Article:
If you knew me in middle school and wondered who my style icon was, you’d probably have guessed farmer (by-product of being homeschooled: you wear a lot of plaid and overalls). When I didn’t look like I just got back from hauling bales of hay, I often sported a long-sleeved, plain black shirt with a black-and-yellow A-line skirt.
Plenty of other kids whispered about me behind my back. I was extremely conscious that I didn’t look like them, with their Limited Too spaghetti straps and Adidas sneakers. When I would complain to my mother, she’d respond by saying, “But your aunt (who is a fashion designer in NYC) would love you in this! It’s so classic.”
Needless to say, the second I reached high school and earned enough money to buy my own clothes, the glitter and velour and weird, off-the-shoulder configurations came out in full force. I wore red track-pants with “Hollister” emblazoned across the butt until my parents confiscated them. I had enough pale pink stretch tops to start a Hilton sisters boutique. I finally felt “cool,” albeit self-conscious and paranoid about accidentally wearing the same outfit twice within two weeks.
In college, things started to change. It dawned on me that something didn’t have to come from a store in the mall to look good. And I started paying attention to what other people, besides my peers, were wearing: I observed my professors, my boss at work, people I interacted with at the grocery store or on the street. I realized, finally, that there was no one acceptable way to dress. The stigma that had been following me since 7th grade, this feeling that I was an outsider and I didn’t “speak the language” of fashion, gradually subsided.
Ever since then, my style icons have been people whose attitudes I admire as much as I do the way they dress. They aren’t exactly sleek Gwyneth Paltrows or quirky Dita von Teeses, but they are people with strong identities and unwavering loyalty to the same.
1. Hillary Clinton
Remember when Hillary, twice voted one of America’s most influential 100 lawyers, was running for President and all anyone could talk about was her pantsuits? The colors were too bright, the fit was wrong, she looked dowdy, etc. And just this past September, there was a great to-do about a claw clip she wore to secure her hair while visiting the U.N.
Regardless of what the rest of America thinks, my opinion is that Hillary always looks effortlessly professional and unique. She’s not afraid to whip out bright or pastel-colored suits, but she always sticks with her signature monochromatic look, accessorizing with contrasting flats and usually a pearl necklace. It’s not re-inventing the wheel, but she has fun with it, and I admire her for not taking the public criticism to heart. Personally, I’d rather she continues to work her wardrobe within the framework of respectful professionalism than deviate by wearing things like, ahem, Naughty Monkey shoes (I think Sarah Palin has a style that works for her too; I just don’t find it very amusing for potential world leaders to traipse around in open-toed, 4-inch heels. So sue me).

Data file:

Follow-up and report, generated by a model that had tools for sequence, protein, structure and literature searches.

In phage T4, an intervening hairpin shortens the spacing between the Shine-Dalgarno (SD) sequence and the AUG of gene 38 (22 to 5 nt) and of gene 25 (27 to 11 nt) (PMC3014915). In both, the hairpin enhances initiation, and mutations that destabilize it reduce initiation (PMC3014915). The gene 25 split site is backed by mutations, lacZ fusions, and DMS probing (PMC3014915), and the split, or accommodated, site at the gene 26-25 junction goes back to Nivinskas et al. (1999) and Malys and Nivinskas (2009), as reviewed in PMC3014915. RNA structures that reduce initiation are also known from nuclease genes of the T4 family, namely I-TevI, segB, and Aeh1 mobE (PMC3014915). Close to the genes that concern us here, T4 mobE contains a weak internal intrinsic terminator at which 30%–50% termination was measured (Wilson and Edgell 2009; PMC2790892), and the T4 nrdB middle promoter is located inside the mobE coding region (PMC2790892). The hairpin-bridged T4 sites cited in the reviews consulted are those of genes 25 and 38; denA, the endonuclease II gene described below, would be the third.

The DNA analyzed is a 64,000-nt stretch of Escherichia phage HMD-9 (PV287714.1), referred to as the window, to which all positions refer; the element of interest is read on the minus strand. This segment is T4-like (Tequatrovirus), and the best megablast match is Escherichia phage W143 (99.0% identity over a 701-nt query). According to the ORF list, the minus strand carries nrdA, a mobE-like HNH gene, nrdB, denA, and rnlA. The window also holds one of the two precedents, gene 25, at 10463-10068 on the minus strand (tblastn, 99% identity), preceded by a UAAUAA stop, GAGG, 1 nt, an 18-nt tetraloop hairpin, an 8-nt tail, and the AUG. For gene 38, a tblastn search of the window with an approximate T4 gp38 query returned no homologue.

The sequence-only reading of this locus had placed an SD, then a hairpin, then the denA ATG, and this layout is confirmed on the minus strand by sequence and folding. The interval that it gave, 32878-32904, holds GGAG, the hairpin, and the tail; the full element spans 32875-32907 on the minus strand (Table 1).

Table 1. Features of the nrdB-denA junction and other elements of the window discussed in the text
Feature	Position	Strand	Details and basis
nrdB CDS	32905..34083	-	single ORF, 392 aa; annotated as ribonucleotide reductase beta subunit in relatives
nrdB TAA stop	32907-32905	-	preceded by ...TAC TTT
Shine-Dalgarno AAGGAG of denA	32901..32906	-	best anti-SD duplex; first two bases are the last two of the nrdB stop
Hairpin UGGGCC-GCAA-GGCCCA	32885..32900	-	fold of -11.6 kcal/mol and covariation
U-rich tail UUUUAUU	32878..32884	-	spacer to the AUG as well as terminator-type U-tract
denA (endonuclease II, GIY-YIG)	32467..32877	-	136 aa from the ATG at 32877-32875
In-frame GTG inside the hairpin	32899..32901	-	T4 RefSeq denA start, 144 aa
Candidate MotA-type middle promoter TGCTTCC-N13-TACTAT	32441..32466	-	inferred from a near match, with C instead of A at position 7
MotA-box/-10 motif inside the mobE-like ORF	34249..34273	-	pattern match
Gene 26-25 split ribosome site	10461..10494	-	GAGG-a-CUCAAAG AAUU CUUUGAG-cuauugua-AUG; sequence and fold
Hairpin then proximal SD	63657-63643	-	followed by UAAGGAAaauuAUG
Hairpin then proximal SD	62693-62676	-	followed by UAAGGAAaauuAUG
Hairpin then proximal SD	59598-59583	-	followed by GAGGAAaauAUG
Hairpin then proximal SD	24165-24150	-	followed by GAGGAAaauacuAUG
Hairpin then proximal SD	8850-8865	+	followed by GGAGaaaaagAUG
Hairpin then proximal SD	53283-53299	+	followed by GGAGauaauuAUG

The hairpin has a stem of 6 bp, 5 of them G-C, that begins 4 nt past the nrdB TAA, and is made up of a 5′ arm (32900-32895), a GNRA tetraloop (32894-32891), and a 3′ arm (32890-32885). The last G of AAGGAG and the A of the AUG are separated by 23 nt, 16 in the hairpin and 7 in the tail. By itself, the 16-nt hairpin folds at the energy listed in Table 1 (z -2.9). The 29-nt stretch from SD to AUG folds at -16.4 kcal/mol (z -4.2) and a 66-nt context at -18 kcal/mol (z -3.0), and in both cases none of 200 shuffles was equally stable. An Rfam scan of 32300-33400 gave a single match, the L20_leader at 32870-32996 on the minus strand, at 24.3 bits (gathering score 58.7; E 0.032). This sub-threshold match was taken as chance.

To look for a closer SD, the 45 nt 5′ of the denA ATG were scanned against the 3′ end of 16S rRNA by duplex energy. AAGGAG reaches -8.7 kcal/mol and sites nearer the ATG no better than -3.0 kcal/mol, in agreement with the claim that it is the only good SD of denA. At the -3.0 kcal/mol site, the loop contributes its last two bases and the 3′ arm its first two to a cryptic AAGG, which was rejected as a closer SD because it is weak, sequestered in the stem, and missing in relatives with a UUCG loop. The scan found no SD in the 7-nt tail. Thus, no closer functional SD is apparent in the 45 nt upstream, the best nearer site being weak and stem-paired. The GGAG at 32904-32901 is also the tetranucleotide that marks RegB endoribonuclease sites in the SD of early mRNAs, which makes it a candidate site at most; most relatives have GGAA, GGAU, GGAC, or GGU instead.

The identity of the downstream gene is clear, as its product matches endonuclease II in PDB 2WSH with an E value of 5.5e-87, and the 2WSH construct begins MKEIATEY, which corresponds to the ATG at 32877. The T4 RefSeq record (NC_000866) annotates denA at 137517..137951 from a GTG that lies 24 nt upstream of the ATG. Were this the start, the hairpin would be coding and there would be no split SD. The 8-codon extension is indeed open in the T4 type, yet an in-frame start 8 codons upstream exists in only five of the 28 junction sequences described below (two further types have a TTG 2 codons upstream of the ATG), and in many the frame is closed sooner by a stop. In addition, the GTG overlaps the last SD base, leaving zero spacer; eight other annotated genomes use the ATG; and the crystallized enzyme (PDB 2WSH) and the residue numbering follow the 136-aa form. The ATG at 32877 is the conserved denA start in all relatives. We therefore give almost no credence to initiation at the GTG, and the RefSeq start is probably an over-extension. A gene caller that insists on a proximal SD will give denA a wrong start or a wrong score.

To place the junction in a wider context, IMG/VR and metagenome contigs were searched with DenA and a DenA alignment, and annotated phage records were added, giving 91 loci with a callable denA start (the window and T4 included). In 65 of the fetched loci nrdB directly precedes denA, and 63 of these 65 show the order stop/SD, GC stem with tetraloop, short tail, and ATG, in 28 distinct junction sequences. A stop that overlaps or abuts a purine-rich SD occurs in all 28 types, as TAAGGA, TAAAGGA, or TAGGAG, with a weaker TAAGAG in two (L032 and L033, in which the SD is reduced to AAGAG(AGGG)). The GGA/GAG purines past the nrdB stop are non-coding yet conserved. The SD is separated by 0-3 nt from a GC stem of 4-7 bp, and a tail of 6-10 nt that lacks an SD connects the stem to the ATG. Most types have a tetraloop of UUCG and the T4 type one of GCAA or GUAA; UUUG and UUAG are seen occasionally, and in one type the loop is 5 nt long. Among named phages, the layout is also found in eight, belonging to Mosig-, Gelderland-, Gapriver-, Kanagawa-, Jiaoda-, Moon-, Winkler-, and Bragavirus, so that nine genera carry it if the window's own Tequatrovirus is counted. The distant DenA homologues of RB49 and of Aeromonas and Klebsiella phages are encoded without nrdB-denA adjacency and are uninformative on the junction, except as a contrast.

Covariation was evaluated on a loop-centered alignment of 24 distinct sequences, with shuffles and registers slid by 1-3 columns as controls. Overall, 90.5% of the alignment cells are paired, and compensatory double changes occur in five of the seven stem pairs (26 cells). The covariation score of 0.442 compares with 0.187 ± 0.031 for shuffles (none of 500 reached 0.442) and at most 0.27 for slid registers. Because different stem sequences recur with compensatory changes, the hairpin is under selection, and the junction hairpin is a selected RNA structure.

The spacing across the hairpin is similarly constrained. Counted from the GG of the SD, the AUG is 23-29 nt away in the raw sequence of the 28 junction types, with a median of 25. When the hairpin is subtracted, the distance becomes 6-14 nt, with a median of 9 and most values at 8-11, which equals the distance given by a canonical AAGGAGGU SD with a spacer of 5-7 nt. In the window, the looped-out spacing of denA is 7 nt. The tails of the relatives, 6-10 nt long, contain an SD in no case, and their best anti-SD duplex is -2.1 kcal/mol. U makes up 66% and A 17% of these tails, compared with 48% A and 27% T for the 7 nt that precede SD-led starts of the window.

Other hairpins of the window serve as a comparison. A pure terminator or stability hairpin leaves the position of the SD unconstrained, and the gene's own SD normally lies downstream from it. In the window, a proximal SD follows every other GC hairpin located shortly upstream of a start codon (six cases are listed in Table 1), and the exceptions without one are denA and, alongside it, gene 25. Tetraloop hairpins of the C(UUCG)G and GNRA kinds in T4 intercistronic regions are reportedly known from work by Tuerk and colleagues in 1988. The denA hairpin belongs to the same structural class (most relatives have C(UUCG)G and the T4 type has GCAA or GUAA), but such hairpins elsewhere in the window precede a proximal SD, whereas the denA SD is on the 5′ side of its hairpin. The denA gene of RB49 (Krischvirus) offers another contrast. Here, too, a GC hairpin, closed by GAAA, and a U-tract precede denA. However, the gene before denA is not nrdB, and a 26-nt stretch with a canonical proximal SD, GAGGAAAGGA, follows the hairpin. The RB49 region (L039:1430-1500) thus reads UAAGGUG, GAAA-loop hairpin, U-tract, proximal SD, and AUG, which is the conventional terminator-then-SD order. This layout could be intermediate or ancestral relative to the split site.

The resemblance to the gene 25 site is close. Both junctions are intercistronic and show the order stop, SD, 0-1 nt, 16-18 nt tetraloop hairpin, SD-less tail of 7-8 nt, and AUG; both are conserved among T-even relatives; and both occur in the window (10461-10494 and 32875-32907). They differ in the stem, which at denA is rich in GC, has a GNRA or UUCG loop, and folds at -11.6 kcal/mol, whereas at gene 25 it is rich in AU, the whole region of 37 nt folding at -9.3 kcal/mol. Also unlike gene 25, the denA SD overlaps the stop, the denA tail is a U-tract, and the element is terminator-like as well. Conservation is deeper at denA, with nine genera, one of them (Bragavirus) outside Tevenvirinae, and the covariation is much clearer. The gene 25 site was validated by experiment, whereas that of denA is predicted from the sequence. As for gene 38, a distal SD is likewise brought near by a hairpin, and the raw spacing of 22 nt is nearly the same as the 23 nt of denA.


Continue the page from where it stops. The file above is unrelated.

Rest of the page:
My favorite Hillary fashion moment thus far has been Chelsea’s wedding rehearsal. Hil wore a gorgeous, flowing, turquoise caftan. She looked absolutely radiant, and we got a glimpse of the exuberant style she somehow manages to streamline while acting as Secretary of State.
2. Anna Wintour
This one ought to elicit a few groans, since The September Issue proved beyond a shadow of a doubt that Anna is a Fashion Grinch who imposes impossible body standards on everyone, even cameramen. Still, Anna is a zeitgeist unto herself, a woman I imagine is as much steeped in the rigidity of the fashion world as she is its creator. Additionally, she has come under plenty of fire for her own personal appearance.
Click over to any web article about Wintour that features comments, and you’ll be regaled by epithets like “ugly” and “lizard.” A Lagerfeld gown she wore to the 2008 Met Costume Gala was crowned the worst fashion faux pas of the year by Time magazine. Her looks and style were caricaturized in The Devil Wears Prada and on an episode of Ugly Betty, which featured a drag queen going by the name “Manna Wintour“ making fun of The September Issue.
Anna deserves a good deal of the backlash she’s so often greeted with, but I can’t help but admire her fortitude and complete disregard for critics. The winds of fashion may change, people may gossip that she’s sinking Vogue, a former employee may threaten to kill her, but still Anna shows up at fashion week, sporting her signature Wayfarers, her bob, and her Chanel suits.
In fact, I was absolutely delighted to read that she tailored her Chanel miniskirts and jackets so she could continue wearing them throughout her two pregnancies, as chronicled in Jerry Oppenheimer’s biography of Anna. This illustrates exactly what I love about her–a fierce commitment to herself and a devil-may-care attitude about who reports it and what their opinion is.
So, I would love to know: who are your famous style icons?